Research tells us that the nutritional value of specific foods can change, depending on the seasons they are grown or produced. For example, one UK study conducted by the UK Ministry of Agriculture, Fisheries & Food looked at the nutrient value of milk at different times of the year. The nutrient content of milk can differ depending on when it was produced. The reason for this? The cows’ diet can affect the quality of the milk produced. In summer, when fields were dry, for example, cows were less likely to consume fresh produce and this would impact on the nutritional quality of the milk.
In addition, eating more seasonal food can help create more sustainable consumption patterns, and thereby it could reduce the environmental impact of the diet.
The modern day dilemma
Specific fruits and vegetables are sprayed with pesticides to extend their shelf life. Preservatives are used for the same reason. Other additives, such as wax, are used to improve the appearance of produce.
Today, we are increasingly aware of the negative impact of insecticides and artificial ingredients and preservatives on our health. Some of our food can be months’ old by the time it reaches our table. In modern cities, the time to transport food from the orchard to the supermarket shelf can be extensive. Some of our products are picked long before they are meant to. This means they may no longer be as nutrient-rich as we would like to think. One US based study from the University of California, found that vegetables such as green beans and spinach can lose up to two-thirds of their nutrients within a week of being picked.
Foods that are grown and consumed during their natural season are more likely to be nutritionally dense. In a study monitoring the vitamin C content of broccoli, it was found that broccoli grown during the autumn months have a higher content of vitamin C than broccoli grown at any other time of the year.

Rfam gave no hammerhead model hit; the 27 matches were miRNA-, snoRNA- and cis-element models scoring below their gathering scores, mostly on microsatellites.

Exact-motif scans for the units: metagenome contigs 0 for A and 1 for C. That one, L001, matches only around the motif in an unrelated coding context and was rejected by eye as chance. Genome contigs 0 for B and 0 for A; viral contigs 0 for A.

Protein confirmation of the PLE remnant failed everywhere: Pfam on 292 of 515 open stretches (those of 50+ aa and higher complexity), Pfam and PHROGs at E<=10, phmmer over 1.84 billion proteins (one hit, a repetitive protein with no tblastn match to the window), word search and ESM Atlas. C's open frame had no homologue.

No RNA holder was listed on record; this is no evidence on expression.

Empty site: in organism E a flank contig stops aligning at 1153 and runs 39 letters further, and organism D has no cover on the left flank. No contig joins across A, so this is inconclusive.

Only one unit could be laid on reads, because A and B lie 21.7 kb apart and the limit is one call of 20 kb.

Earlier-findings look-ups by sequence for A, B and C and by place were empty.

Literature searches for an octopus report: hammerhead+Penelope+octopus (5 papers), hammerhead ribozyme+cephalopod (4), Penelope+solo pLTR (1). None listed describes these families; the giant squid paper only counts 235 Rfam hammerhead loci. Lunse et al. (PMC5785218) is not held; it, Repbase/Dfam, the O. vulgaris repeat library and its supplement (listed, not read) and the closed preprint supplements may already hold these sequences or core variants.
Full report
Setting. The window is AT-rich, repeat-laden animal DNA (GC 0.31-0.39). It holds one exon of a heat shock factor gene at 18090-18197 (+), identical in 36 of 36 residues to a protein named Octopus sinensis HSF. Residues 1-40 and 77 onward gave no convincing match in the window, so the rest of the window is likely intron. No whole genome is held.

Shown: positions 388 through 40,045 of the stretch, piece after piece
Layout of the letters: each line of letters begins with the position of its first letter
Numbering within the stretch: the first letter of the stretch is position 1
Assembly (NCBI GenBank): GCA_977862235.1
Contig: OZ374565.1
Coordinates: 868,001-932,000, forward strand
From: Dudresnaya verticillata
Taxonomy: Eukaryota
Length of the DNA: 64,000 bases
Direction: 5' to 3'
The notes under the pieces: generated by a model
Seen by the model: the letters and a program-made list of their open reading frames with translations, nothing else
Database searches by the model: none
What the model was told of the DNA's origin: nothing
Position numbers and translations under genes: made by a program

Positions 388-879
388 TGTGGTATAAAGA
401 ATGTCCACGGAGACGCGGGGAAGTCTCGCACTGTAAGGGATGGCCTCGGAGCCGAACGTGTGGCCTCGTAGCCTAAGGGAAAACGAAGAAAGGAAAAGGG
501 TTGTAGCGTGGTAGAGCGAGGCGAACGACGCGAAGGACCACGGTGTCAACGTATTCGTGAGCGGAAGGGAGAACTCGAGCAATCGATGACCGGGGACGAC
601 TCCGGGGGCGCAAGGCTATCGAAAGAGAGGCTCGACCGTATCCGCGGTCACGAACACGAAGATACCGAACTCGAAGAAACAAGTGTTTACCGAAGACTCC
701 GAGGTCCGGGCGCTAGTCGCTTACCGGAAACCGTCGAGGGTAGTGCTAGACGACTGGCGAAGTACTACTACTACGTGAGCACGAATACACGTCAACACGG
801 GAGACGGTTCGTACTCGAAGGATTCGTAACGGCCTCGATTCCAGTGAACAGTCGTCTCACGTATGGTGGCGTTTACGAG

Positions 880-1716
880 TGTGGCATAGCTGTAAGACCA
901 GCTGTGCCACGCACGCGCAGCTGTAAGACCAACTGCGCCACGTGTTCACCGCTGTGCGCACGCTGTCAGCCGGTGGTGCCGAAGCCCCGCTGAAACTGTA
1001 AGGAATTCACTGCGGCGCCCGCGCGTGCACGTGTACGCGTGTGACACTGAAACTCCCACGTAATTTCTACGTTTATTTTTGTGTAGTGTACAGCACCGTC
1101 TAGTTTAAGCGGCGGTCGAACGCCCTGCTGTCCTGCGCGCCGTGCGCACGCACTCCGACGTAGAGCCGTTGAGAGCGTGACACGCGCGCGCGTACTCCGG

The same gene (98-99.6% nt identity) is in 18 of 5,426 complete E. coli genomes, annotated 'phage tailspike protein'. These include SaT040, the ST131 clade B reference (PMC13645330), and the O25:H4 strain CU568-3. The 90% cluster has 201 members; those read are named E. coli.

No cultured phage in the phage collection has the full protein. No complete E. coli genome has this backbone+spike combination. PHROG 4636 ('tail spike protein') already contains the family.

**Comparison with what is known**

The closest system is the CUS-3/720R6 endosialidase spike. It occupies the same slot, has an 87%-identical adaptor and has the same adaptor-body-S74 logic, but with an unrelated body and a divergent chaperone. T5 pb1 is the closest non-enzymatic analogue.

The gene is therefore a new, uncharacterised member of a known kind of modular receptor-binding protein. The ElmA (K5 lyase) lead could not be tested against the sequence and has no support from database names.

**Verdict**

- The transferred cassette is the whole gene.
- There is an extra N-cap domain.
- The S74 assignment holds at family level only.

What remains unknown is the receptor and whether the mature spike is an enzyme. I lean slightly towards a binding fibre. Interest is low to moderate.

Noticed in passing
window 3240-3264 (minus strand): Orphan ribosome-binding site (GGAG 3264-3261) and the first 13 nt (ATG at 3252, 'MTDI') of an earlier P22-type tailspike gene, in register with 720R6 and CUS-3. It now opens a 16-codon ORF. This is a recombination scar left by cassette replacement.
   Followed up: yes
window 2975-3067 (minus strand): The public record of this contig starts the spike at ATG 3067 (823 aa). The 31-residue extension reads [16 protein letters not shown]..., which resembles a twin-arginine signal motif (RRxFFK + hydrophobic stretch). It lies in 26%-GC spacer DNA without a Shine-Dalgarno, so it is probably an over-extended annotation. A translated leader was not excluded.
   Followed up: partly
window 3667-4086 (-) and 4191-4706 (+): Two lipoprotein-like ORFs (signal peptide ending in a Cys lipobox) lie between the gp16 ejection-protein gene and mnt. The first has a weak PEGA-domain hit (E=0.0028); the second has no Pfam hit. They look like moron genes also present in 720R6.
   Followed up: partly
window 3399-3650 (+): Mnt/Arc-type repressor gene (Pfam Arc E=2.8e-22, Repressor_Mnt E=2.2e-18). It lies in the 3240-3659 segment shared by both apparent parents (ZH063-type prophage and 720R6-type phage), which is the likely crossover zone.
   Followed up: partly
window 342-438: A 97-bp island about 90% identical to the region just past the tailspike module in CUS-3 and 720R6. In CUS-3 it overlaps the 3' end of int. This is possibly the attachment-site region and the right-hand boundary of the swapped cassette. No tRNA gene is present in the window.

It makes sense that when foods are grown out of season, they out of their natural growth and ripening rhythms. We also know that when particular fruits and vegetables are available all year-round, a range of chemicals, gases and ripening agents are used to get them onto the market.
Eating seasonally means you are eating fresher, more nutritionally-rich foods. Additionally, it encourages us to eat a variety of foods throughout the year.
Guide to Seasonal fruits and vegetables
We have included a simple list here of seasonal foods that you can focus on to ensure you get the nutrients you need at different times of the year.
Apples, beans, berries, broccoli, cabbage, figs, kiwi-fruit, pears, pecans, persimmons, pomegranate, Brussel sprouts, mushrooms, radishes, spinach and sweet potato.
Apples, beans, broccoli, cauliflower, grapefruit, horseradish, mandarins, oranges, pears.
Asparagus, broad beans, broccoli, cauliflower, celery, cherries, cucumbers, leeks, lemons, mandarins, peas, peaches, plums, spinach, silverbeet and strawberries.
Apricots, asparagus, beetroot, all types of berries, cabbage, capsicum, cherries, corn, cucumbers, eggplant, mango, nectarines, okra, peaches, pineapple, rockmelon, tomatoes, watermelon and zucchini.
If you need support in getting your health back on track, our Naturopath & Nutritionist, Keri Hogarth, is available for phone and zoom consultations (during the pandemic).
Jennie I MacdiarmidSeasonality and dietary requirements: will eating seasonal food contribute to health and environmental sustainability?”; https://pubmed.ncbi.nlm.nih.gov/25027288/
Written by Rosa Ghidella